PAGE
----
NASSAU -  Tiger Woods evoked memories of his glory days by firing a bogey-free seven-under-par 65 Friday at the Hero World Challenge in his second round after a 16-month back surgery layoff.

Former world number one Woods, a 14-time major champion, shot his best sub-par round since a 10-under 62 in the second round of the 2013 edition of the elite 18-player event that benefits his charity foundation.

"It was very important for me," Woods said. "I don't know what it is about playing and competing, but keeping cards clean, there's something really special and it feels pretty good doing that."

Woods thrilled about 200 spectators at the 7,302-yard Albany Golf Club in a remote Bahamas billionaire enclave to finish 36 holes on six-under 138 -- level ninth and six shots behind co-leaders Dustin Johnson and Hideki Matsuyama. "Through 15, I didn't really miss a shot," Woods said. "I really had it dialed in."

Woods, playing alone after England's Justin Rose withdrew with back pain, opened with a birdie and added another at the par-5 sixth, chipping from sand to 12 feet and sinking the putt. He then salvaged par with a six-foot putt at the eighth after pulling his tee shot into sand and bushes, telling caddie Joe LaCava, "I'm not dropping a shot."

He didn't. Woods birdied the par-5 ninth and 11th holes after bogeys on both Thursday, lipping out a 25-foot birdie putt at 10 in between. Woods put his tee shot inches from the cup at the par-3 12th, saying, "I couldn't hit any better," then curled in a 10-foot birdie putt at the 14th and tapped-in for birdie at the par-5 15th.

At 16, where Woods made double bogey Thursday, sent his tee shot behind a bush in rocky sand. He blasted out and rolled a 20-foot par putt into the cup, pumping his right fist and smacking the putter blade to celebrate.

"That was big, to not go down a shot and not lose any momentum," Woods said. "I wanted to keep that card clean." Woods sank a three-foot par putt at 18 to finish his round after only two hours and 54 minutes. "Making some of those putts and those two birdies at 9 and 11 changes the entire energy of the round," Woods said. "Instead of being angry at myself and ticked and trying to fight back, now I'm building momentum and energy.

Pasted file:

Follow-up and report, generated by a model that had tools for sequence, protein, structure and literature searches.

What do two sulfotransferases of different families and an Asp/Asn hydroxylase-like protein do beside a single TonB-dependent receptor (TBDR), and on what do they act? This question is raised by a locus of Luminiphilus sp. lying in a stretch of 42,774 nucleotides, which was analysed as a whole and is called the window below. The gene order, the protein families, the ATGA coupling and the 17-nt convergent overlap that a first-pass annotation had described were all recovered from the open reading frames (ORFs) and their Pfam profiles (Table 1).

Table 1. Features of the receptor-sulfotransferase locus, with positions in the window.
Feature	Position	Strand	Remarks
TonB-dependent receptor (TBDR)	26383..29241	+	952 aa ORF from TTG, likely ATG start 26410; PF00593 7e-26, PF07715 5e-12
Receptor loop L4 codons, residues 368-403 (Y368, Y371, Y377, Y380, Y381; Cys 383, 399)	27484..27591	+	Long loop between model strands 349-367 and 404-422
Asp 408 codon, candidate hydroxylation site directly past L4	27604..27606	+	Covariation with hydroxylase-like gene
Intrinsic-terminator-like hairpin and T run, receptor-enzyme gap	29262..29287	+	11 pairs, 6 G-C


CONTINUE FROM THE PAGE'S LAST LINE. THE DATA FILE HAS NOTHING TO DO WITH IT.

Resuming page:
Woods, who turns 41 later this month, has not produced such a score against a fuller field since a 9-under 61 in the second round of his most recent victory -- the 2013 World Golf Championships Bridgestone Invitational at Firestone. Until Thursday, Woods had not played a competitive round since August 2015, when he shared 10th at the PGA Wyndham Championship in Greensboro, North Carolina.

"I hadn't felt the competitive flow and feel in a long time. It has been almost a year and a half," Woods said. "And today I had it early. The first tee shot I felt very comfortable."

Woods, ranked 898th in the world, ended the longest layoff of his career after 466 days, then electrified those seeking signs he might regain the form that once dominated golf.

"I turned those holes around. Consequently, the momentum, the feel of the entire round changes," Woods said. "That's what you have to do. That's how you win golf tournaments."

Woods, whose 79 career titles are three shy of Sam Snead's all-time record, said he has slightly altered his swing to ease the stress on his back since the operations last September. "I've made subtle changes here and there," Woods said. "I've tried to go back and look at and do some stuff that I used to do as a junior that I did naturally." Woods said his body felt better than Thursday, calling that "a very good sign."